The affair must be seen as part of a larger controversy over the study and representation of Hinduism as a whole. And that controversy is incomprehensible unless it is recognized that what we know about Hinduism’s past derives almost exclusively from the work of Western scholars, whom some consider responsible for inventing “Hinduism” as a single religion.
Even today, with Indian scholars also involved in the academic study of Hinduism, Western scholarship exercises a sway on the Indian mind out of all proportion to its size and in a way not comparable to its role in other religions. Indeed, in India Hinduism is still widely understood in Western terms—terms that include a highly negative perspective on its role in Indian public life and public education.
During the first 50 years of Indian independence, this perspective was embraced by an Indian government that was guided by principles of socialism and secularism. Socialist thought treated all religion as a non-scientific relic of the past. Indian intellectuals specifically blamed Hinduism (along with imperialism) for India’s appalling poverty, and denounced any Hindu political expression as a threat to the state even as they were sparing in their critique of the minority religions of Islam and Christianity.
In the 1990s, two developments began to disturb the ease with which Hinduism could be criticized with impunity in academia and the media. The first was the rise to political power of the BJP party as the major partner in a new governing coalition. This meant that it was no longer possible to dismiss Hinduism out of hand as a species of social pathology.
Concurrently, and impinging more directly on the Western scholars of Hinduism, was globalization and the consequent growth of a well-educated, professional, and computer-savvy Hindu community in North America. Previously, North American academics could write without having to take into account the reaction of the Hindu faith community, which lay halfway around the world. But immigration was now bringing Hindus to the door of the American ivory tower.
Of course, the academics continued to insist that their work was open to critique by other academics only, and not by the faith community. But educated Hindus were increasingly critical of the new vogue of using psychoanalytic methods to interpret Hinduism. This approach was, they claimed, far more subjective than traditional historical and philological methods. And with the emergence of the Internet they began to go over the heads of the academics and express their dissatisfaction with psychoanalytic presentations of Hinduism directly to the Hindu faith community itself.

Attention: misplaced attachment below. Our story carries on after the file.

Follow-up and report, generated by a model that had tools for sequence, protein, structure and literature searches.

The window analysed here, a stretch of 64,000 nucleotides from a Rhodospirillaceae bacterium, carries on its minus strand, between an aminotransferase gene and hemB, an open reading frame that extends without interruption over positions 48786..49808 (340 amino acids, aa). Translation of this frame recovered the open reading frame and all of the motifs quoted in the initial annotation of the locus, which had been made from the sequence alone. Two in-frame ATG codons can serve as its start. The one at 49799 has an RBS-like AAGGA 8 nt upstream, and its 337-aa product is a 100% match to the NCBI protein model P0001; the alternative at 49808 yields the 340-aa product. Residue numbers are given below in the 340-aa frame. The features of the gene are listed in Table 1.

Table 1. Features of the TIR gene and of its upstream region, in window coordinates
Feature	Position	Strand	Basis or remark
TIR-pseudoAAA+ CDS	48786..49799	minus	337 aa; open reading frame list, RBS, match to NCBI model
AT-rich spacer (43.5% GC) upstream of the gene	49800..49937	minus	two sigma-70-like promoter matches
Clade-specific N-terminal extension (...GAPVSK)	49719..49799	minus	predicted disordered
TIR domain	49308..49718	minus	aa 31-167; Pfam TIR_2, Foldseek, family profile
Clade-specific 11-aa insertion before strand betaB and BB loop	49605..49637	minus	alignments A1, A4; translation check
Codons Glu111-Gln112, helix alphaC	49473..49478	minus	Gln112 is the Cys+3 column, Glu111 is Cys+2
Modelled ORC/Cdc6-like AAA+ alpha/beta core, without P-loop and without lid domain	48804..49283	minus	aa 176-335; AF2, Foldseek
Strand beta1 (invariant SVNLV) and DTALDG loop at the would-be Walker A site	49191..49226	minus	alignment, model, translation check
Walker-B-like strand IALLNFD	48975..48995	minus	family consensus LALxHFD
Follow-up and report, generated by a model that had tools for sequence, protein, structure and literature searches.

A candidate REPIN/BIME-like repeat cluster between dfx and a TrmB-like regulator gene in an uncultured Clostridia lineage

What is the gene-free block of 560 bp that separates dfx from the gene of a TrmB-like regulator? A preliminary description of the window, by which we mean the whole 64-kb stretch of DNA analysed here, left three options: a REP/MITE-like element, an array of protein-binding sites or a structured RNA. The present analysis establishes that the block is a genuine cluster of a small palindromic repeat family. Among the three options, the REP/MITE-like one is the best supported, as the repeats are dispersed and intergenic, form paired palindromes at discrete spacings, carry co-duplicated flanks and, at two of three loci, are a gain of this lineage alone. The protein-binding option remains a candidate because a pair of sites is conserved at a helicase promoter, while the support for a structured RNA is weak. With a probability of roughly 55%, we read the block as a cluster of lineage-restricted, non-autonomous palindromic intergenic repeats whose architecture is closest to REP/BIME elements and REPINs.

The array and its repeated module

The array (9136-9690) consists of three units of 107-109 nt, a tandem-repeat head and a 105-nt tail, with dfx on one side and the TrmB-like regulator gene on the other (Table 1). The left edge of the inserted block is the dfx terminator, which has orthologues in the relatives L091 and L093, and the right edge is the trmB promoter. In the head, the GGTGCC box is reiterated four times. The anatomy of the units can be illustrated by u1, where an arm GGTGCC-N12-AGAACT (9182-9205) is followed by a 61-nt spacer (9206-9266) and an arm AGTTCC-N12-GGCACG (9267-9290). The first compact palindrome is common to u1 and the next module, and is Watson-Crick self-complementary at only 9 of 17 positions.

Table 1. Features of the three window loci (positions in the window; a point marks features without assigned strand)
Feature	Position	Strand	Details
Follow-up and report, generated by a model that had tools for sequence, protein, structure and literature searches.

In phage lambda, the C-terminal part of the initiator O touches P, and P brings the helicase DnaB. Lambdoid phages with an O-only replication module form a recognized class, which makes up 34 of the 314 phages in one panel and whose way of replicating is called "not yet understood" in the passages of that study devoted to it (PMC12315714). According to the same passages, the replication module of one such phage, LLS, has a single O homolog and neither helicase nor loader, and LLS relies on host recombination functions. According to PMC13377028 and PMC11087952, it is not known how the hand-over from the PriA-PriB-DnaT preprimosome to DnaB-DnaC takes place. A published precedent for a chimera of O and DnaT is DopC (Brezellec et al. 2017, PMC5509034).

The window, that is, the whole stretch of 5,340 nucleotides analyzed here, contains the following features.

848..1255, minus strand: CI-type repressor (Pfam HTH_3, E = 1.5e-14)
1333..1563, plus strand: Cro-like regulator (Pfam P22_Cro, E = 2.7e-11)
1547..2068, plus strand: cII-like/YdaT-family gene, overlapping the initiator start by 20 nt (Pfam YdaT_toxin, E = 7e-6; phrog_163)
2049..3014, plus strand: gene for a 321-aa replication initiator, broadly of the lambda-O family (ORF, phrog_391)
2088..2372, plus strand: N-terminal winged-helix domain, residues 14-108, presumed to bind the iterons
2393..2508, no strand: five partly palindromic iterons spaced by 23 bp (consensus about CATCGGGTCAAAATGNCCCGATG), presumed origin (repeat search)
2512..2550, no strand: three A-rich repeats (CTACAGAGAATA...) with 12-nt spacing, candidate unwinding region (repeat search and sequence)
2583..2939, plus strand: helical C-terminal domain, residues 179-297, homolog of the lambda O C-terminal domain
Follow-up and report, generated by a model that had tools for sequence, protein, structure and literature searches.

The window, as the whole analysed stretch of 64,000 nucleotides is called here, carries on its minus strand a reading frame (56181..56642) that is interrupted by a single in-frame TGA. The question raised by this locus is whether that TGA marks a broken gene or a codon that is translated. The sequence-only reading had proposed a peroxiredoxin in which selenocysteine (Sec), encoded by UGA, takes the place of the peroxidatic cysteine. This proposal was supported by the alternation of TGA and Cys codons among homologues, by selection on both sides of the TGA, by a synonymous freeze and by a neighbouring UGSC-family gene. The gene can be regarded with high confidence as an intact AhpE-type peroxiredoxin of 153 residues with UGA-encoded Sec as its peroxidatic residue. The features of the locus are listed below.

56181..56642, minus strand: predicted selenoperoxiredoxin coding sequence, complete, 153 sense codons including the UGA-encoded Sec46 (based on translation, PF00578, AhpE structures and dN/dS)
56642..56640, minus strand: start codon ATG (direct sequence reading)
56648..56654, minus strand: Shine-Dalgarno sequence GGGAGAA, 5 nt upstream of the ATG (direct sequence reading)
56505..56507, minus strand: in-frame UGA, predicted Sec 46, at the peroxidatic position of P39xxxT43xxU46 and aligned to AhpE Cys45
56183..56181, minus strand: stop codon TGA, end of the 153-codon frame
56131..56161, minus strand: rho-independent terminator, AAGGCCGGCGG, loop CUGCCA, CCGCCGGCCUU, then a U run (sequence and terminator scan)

The turning point came with the publication of Kali’s Child by Jeffrey Kripal in 1995. This book made the sensational claim that Ramakrishna (1836-1886), one of the most revered swamis, or holy men, of modern India, who was known for being a life-long celibate, was actually a latent homosexual.
Written under Wendy Doniger, a pre-eminent Indologist at the University of Chicago, and published by the Chicago University Press, Kali’s Child won a book award from the American Academy of Religion (AAR), the largest professional organization of religion scholars in the world. The author spent a year teaching at Harvard. Here, it seemed, another brilliant career was being made by applying psychoanalysis to the study of Hinduism—or, depending on one’s point of view, by making Hindu saints appear, as it were, biodegradable.
But the book generated profound uneasiness in the Ramakrishna Mission and then in the Hindu community at large. It was said that the author had obtained access to the mission under false pretenses, and further, that the Bengali language expert at the University of Chicago was absent on the day of Kripal’s dissertation examination. But these were just allegations.
Then, in November 2000, Swami Tyagananda, a member of the Ramakrisha Order and the Hindu “chaplain” at Harvard University, produced a tract entitled “Kali’s Child Revisited or Didn’t Anyone Check the Documentation,” which questioned the author’s linguistic competence in Bengali on which the whole thesis hinged. Bound copies of the tract were distributed at the annual meeting of the AAR and it was posted on the Internet as well (http://home.earthlink.net/~vag/KCR.doc).
Kripal did not respond to Tyagananda’s critique in any detail, and to date still has not. Such perceived indifference to an obviously credible critic was noticed by the Hindu community, and independent scholars within the community took it upon themselves to explore the matter further.